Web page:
Abraham Wald is certainly a name you aren’t familiar with. He was a Jewish mathematician who escape Nazi Germany. Wald eventually got a job at the Center for Naval Analyses, where he became an unforgettable hero.
He didn’t fight on the front lines or jump on any grenades, instead he used math.
Wald applied advanced statistical skills to analyze how to minimize bomber losses. Upon examining bombers that had returned from battle, his colleagues recommended adding extra armor to the areas that showed the most visible signs of gunfire. In their minds the damage demonstrated a vulnerable area that needed to be protected. Wald thought differently. He reasoned that the bombers which had been shot down were not available to be inspected for damage. The damaged areas actually represented the areas which could take damage. Using his statistical skills, he convinced the brass to reinforce unscathed areas – with dramatic results. Bomber fatalities dropped rapidly and Wald was forever a hero.
Unfortunately, as fate would have it, Wald and his wife died in a plane crash ten years later.
Wald’s work would later become an example of thinking that could solve one of the most prominent and pervasive errors in thinking: the survivorship bias. Survivorship bias occurs when we concentrate on the things that “survived” to the total exclusion of those which did not.
Today I want to explore the idea of survivorship bias and offer a solution – being lucky.
Where do we get our ideas from? Ideas are usually passed down to us from a long line of “successful” people. Those who have made it into the public spotlight to preach their philosophy, way of doing things, or ideas end up shaping expectations of what is possible. We look at successful businesses and ask, “How did you do it”. We are always ready for the next tidbit of wisdom in the form of a quote, story or self-help book. But there is a problem with this.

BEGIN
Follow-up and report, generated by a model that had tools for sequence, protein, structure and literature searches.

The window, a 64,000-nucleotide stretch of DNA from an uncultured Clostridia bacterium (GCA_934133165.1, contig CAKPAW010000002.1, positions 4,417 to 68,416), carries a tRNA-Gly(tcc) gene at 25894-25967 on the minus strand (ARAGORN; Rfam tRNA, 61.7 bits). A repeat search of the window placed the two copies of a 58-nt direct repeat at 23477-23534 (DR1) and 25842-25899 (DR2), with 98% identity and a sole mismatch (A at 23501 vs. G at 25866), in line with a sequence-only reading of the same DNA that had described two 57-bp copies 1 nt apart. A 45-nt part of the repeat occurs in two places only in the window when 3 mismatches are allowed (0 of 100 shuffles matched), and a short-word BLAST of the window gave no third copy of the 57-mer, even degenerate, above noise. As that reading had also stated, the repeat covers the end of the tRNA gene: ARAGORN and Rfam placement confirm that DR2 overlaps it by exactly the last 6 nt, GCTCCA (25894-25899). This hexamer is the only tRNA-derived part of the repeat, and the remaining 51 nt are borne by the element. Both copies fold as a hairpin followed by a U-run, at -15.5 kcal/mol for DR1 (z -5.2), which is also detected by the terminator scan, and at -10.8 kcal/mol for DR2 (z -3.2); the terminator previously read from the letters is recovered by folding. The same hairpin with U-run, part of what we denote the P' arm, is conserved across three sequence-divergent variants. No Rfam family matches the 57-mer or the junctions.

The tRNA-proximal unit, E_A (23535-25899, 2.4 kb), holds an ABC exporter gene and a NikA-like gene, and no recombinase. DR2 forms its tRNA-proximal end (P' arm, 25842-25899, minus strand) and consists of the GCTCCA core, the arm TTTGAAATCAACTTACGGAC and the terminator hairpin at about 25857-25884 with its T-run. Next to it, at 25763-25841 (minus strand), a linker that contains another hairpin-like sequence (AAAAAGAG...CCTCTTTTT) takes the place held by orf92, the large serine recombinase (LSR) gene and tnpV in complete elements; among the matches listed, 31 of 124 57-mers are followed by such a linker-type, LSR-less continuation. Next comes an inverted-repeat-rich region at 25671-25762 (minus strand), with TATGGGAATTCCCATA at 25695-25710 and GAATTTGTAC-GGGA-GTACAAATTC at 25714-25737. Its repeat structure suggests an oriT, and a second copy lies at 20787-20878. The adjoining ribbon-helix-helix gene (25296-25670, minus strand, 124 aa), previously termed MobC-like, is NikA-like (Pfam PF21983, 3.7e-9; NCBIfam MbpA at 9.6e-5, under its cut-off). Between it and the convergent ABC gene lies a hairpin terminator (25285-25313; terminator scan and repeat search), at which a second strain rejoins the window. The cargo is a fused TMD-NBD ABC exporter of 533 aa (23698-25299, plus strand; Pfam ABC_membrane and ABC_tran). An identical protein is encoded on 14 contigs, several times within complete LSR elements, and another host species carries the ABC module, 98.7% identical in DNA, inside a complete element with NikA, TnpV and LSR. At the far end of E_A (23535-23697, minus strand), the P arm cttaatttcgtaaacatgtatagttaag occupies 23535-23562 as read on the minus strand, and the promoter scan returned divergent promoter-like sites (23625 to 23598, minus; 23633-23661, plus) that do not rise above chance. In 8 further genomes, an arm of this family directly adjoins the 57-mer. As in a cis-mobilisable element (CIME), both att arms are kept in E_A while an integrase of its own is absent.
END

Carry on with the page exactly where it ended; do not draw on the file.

When we only focus on what “works” we become blind to what might be possible.
We are conditioned to judge what is possible by looking at what other people have done. This is a product of calculating risk management. If someone has done it before, then maybe I can do it as well. Humans are risk-averse creatures and following along establish foot trails provides security, guidance and comfort.
When we follow behind others and attempt to careful retrace their footsteps – are we really helping ourselves? Is the success that is created by others the only road we must consider? There lies a problem with following successful people. Well, actually two problems.
The first is that in retrospect, anything can be meaningful. Those crazy random events that you originally thought were frustrating or great can become reinterpreted in a future narrative that puts everything in a neat-little story line. As German philosopher Arthur Schopenhauer said:
When you look back on your life, it looks as though it were a plot, but when you are into it, it’s a mess: just one surprise after another. Then, later, you see it was perfect. – Schopenhauer
The second is that luck plays an essential role in what success actually is. Since we are able to only see success, we forget the hundreds of stories and experiences that just didn’t make the cut. It may seem disheartening to think of how vital a role luck plays. Are we certain that something was successful because the CEO told us it was his “hard work” and “hustle”, or simply because they were in the right place at the right time?